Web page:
Re-Enlistment Blues

Happy, happy Frank Thursday! Yes, it happens to be your lucky day with it being the countdown to Frank Sinatra Day and Frank Thursday!

One of the most romantic love scenes ever to be filmed. Burt Lancaster and Deborah Kerr.
One of the most romantic love scenes ever to be filmed. Burt Lancaster and Deborah Kerr.

Last Thursday I finally made my roommates sit down with me and watch From Here to Eternity (1953). It is an incredibly special movie in and of itself, but especially if you know Frank’s story with it. At the time, Frank’s career was pretty much in the dumps (stick around for tomorrow’s installment in the countdown to here that part of the story!). He wanted a part in any movie really, but especially this movie. He read the script, no, more like poured over it. He marked it up and down and learned it front and back. He knew that the part of Angelo Maggio was just for him. It was well known that he wanted the part, but because of the state of Frank’s reputation at the time nobody wanted to give him the part. After a few different nudges from different people, Frank finally landed the part with the magic words, “I’ll do it for nothing!” And so he got the role that changed the rest of his life.

Montgomery Clift and Donna Reed as Prew and Lorene.
Montgomery Clift and Donna Reed as Prew and Lorene.

From Here to Eternity is about a group of people, really, in Hawaii in the months leading up to Pearl Harbor. Burt Lancaster, Deborah Kerr, Donna Reed, and Montgomery Clift make up the rest of the major cast. Dynamite, right? Montgomery Clift plays the lead role of Robert E. Lee Prewitt, or Prew, a young man who loves the army and is an amazing bugler. He transfers into a different company where he is put through the “treatment”. The company is heavy into boxing, and Prew was once a boxer but will no longer fight because he accidentally caused a man to go blind once while they were practicing. So the men in the company begin putting him through all kinds of punishments to get him to box, but he never will.  Burt Lancaster plays the sergeant of the company, who falls in love with the captain’s wife, played by Deborah Kerr. The sergeant tries to look out for Prew, but in the end he thinks that Prew should give in and box. He calls him a “hothead” and tells him from the beginning that sometimes “you’ve gotta play ball”. Frank, as I mentioned, plays Angelo Maggio, a friend of Prew’s. He is a wonderful character, strong and funny. He seems to be the character in the company that everybody really enjoys being around, almost like the little brother. He takes Prew down to a gentleman’s club where Prew falls in love with Donna Reed’s character Lorene.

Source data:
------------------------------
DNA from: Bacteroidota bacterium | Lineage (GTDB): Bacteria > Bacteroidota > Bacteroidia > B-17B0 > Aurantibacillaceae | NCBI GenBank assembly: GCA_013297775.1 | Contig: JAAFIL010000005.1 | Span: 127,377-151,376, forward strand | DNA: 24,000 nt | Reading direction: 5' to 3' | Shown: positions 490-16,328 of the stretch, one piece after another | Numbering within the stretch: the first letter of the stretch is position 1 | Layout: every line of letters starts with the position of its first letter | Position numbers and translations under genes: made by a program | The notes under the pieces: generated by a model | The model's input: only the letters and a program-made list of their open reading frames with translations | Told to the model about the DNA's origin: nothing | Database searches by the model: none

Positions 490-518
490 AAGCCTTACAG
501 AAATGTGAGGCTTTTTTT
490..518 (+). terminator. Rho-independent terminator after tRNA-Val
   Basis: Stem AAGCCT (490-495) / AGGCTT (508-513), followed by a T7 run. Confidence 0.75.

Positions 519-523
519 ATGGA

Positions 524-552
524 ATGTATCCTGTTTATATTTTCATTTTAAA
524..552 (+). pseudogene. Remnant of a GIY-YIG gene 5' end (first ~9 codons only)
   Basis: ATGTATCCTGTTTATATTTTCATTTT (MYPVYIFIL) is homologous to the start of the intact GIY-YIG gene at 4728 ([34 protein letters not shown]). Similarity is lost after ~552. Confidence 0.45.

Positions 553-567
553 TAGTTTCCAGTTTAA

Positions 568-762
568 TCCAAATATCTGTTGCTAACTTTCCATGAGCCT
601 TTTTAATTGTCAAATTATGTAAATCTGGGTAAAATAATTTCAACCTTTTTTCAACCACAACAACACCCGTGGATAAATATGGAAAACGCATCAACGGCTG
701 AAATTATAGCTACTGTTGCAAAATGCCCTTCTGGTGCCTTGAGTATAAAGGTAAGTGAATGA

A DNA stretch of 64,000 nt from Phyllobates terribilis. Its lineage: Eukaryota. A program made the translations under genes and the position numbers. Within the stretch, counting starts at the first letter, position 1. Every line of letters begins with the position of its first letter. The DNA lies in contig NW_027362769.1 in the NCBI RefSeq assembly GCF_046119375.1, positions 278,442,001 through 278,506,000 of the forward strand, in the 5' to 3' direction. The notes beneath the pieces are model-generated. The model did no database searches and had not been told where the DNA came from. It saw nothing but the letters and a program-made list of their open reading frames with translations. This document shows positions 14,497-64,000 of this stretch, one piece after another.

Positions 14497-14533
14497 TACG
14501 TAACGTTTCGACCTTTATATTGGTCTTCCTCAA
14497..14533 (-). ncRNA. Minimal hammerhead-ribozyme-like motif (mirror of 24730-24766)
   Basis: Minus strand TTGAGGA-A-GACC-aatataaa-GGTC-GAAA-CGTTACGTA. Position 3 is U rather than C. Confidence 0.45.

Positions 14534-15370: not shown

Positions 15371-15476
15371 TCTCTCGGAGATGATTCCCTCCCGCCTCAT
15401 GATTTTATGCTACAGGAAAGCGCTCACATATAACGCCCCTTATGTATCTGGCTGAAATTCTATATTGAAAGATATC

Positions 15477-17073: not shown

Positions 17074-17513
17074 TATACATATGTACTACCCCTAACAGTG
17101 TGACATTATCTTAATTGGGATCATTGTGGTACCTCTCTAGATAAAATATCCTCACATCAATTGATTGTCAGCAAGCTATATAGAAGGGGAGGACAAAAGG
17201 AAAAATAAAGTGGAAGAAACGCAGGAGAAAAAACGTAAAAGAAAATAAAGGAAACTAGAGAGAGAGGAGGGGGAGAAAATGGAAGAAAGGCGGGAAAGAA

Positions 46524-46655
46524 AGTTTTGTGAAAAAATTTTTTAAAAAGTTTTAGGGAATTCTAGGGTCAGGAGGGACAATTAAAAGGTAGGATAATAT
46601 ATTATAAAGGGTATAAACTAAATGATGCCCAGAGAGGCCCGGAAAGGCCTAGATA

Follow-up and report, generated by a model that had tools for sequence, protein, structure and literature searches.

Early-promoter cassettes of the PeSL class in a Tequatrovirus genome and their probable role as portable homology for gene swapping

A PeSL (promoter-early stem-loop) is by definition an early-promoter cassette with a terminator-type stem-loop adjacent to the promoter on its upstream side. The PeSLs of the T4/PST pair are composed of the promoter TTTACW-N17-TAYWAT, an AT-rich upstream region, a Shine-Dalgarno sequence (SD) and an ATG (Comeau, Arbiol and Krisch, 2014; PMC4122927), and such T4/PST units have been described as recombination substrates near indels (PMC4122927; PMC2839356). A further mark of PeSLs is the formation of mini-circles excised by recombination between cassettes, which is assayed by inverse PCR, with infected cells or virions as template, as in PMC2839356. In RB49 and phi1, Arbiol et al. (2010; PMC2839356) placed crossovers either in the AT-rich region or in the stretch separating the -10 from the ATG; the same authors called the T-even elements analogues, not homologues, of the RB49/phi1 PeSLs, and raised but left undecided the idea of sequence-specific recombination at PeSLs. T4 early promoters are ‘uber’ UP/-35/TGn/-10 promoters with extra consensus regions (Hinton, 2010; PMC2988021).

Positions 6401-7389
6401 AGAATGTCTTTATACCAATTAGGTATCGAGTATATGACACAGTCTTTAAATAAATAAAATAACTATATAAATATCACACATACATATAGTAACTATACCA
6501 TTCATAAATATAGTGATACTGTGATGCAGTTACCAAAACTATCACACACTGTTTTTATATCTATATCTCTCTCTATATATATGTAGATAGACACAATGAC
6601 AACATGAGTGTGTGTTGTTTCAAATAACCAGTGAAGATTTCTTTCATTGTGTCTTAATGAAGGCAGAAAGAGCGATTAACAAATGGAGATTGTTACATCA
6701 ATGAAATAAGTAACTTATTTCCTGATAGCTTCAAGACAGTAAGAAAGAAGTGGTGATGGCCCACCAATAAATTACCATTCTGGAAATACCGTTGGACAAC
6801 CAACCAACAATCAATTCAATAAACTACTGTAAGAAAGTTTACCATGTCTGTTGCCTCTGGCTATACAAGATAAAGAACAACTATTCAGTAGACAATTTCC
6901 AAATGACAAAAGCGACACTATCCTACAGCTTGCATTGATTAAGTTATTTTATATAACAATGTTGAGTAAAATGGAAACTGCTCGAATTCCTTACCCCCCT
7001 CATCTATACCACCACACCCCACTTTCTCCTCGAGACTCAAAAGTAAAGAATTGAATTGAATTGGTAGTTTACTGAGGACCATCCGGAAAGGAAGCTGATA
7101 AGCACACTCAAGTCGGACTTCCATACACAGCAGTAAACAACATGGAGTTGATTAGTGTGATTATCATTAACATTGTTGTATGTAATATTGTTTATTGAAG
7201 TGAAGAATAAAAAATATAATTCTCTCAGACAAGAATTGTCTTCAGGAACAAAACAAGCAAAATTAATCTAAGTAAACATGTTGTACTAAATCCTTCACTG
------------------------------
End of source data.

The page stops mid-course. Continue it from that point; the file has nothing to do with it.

Frank as Angelo Maggio. His portrayal of this wonderful character earned him a Best Supporting Actor Academy Award.
Frank as Angelo Maggio. His portrayal of this wonderful character earned him a Best Supporting Actor Academy Award.

But all isn’t really rose colored, even with everybody falling in love. There is the problem that the sergeant and the captain’s wife cannot be together; she has a dark past to overcome. Lorene and Prew are in love but she wants to marry a “proper” man and live in a “proper” home and raise “proper” children, because when you’re “proper” you’re safe. Maggio also ends up in the stockades after several different events. The scene in which they find out his fate is heart-wrenching, with several men waiting anxiously in the office of the captain to hear “what he got”. And in the midst of all of this comes the attack on Pearl Harbor. In order to find out what happens, I suppose you’ll have to go and watch it! I very highly recommend it. It won several different awards, including Best Picture and Best Supporting Actor for Frank and Best Supporting Actress for Donna Reed. In the end, all I can really say about this movie is that it touches something in the human soul, and when you finish watching it you have that sort of raw feeling. But I guess that’s what you expect from such a great drama.

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